The full-depth Denver RTD reconstruction process involves removing all current rail infrastructure, concrete, ties, and ballasts. Crews will also address drains below the 30-year-old rail system before fully rebuilding each segment.  -  Photo: Denver RTD

The full-depth Denver RTD reconstruction process involves removing all current rail infrastructure, concrete, ties, and ballasts. Crews will also address drains below the 30-year-old rail system before fully rebuilding each segment.

Photo: Denver RTD

The Regional Transportation District (RTD) is planning to undertake a multi-phased project to reconstruct miles of light rail track in downtown Denver.

The first phase of the approximately $152 million, full-depth reconstruction project will commence in May and focus on five segments of at-grade rail and street intersections in the Downtown Loop.

RTD’s Light Rail Construction

The major reconstruction project is the first of its kind in RTD’s history. Between 2012 and 2023, RTD undertook 17 isolated projects in the central corridor to replace sections of curved rail, switches, crossings, signals, and other rail infrastructure. The project will leverage previous work done by RTD with time-specific closures to minimize the inconvenience to customers. 

The work begins May 26, with no light rail service operating in RTD’s central corridor through September 2024. Following completion of the project’s first phase in September, crews will pause reconstruction work until 2025, and all light rail services will resume normal operations.

The Downtown Loop in Denver’s Central Business District is part of RTD’s inaugural light rail line and opened in October 1994. After nearly 30 years of continual service, several segments of track along the 5.3-mile corridor require a full-depth reconstruction.

The full-depth reconstruction process involves removing all current rail infrastructure, concrete, ties, and ballasts. Crews will also address drains below the 30-year-old rail system before fully rebuilding each segment.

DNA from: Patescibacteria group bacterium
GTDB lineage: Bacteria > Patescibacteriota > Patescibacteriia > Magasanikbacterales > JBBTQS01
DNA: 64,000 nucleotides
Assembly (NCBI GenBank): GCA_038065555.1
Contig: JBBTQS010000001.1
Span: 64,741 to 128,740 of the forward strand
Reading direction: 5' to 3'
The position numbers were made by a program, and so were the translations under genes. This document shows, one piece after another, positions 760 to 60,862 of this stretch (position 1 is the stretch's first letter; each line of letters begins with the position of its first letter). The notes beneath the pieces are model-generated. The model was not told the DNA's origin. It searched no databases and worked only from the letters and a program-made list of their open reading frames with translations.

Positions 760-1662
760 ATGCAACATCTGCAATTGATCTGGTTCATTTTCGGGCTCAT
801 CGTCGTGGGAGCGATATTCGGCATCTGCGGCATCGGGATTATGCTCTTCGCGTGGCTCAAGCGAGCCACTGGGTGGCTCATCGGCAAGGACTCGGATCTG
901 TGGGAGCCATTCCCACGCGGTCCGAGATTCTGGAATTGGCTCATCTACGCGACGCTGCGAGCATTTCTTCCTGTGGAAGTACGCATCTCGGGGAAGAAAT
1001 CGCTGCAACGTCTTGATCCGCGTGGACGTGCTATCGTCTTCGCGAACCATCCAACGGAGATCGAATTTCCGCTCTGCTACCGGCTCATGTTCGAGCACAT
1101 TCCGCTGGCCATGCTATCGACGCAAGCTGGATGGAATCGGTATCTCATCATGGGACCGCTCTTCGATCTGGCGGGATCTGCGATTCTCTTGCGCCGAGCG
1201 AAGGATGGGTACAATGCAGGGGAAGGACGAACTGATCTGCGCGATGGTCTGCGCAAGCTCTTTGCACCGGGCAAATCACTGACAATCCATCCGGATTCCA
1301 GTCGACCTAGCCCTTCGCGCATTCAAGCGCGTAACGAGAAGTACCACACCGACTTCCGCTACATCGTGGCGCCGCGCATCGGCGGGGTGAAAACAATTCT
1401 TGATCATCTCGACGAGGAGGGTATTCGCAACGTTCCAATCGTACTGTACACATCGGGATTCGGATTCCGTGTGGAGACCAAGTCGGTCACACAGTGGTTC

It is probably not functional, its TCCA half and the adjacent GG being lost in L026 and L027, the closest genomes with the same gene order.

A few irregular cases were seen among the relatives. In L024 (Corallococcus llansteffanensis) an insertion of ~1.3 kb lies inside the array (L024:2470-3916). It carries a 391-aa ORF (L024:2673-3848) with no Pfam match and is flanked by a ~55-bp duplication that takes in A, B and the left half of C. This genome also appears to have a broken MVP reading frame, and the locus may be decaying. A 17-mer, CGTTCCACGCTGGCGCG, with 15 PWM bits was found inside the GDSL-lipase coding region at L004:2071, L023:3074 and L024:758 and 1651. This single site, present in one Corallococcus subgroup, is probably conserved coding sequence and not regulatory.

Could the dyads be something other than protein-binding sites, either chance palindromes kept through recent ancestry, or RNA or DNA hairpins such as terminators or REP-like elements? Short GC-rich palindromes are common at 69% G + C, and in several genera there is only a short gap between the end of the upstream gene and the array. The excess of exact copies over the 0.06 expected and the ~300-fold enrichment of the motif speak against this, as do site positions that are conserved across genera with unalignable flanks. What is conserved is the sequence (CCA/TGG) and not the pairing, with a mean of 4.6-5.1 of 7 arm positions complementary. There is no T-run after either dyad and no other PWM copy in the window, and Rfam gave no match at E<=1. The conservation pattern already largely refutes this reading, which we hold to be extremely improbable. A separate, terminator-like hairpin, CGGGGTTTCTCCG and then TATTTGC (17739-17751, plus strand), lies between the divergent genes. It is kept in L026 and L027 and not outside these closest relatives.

“Maintaining RTD’s assets and infrastructure is essential to preserving the region’s previous investments in its mass transportation system,” said Debra A. Johnson, RTD GM/CEO. “Managing and maintaining assets in a state of good repair ensures the long-term integrity of the rail network for all individuals who entrust RTD to deliver them to their destinations.”

Between 2012 and 2023, Denver RTD undertook 17 isolated projects in the central corridor to replace sections of curved rail, switches, crossings, signals, and other rail infrastructure.  -  Photo: Denver RTD

Between 2012 and 2023, Denver RTD undertook 17 isolated projects in the central corridor to replace sections of curved rail, switches, crossings, signals, and other rail infrastructure.

Photo: Denver RTD

Work Details

The at-grade rail and street intersections that will be reconstructed in the project’s first phase are 15th and Stout Street, 17th and Stout Street, 15th and California Street, 17th and California Street, and Broadway and Welton Street.

The five impacted intersections will not be reconstructed at the same time. RTD has been closely working with the City and County of Denver to discuss potential street closures and develop traffic detour plans. During the project, vehicular traffic in the area may be merged to one lane or rerouted around the intersections for limited periods of time.

The subsequent three phases of the project will begin in 2025, and work on each phase may simultaneously occur. The agency’s project team, comprising staff and consultants, is in the process of developing comprehensive reconstruction plans for the latter phases, which include:

  • Phase Two: Midblock Reconstruction in Downtown Loop
  • Phase Three: Colfax Avenue Alignment Reconstruction
  • Phase Four: Welton Street Corridor

RTD’s Outreach

During the RTD board’s recent meeting, staff outlined the four near-term phases of the project and the agency’s plans to reduce the impact on customers.

Beginning in March, staff will implement a comprehensive communications and outreach plan to ensure customers and stakeholders are well aware of potential impacts to services and planned detours. The agency has also created a website with photos, illustrations, maps, detour information and project timelines for the public.

“The agency is ensuring that its 30-year-old system continues to provide reliable service for at least 30 more years and beyond,” Johnson said.

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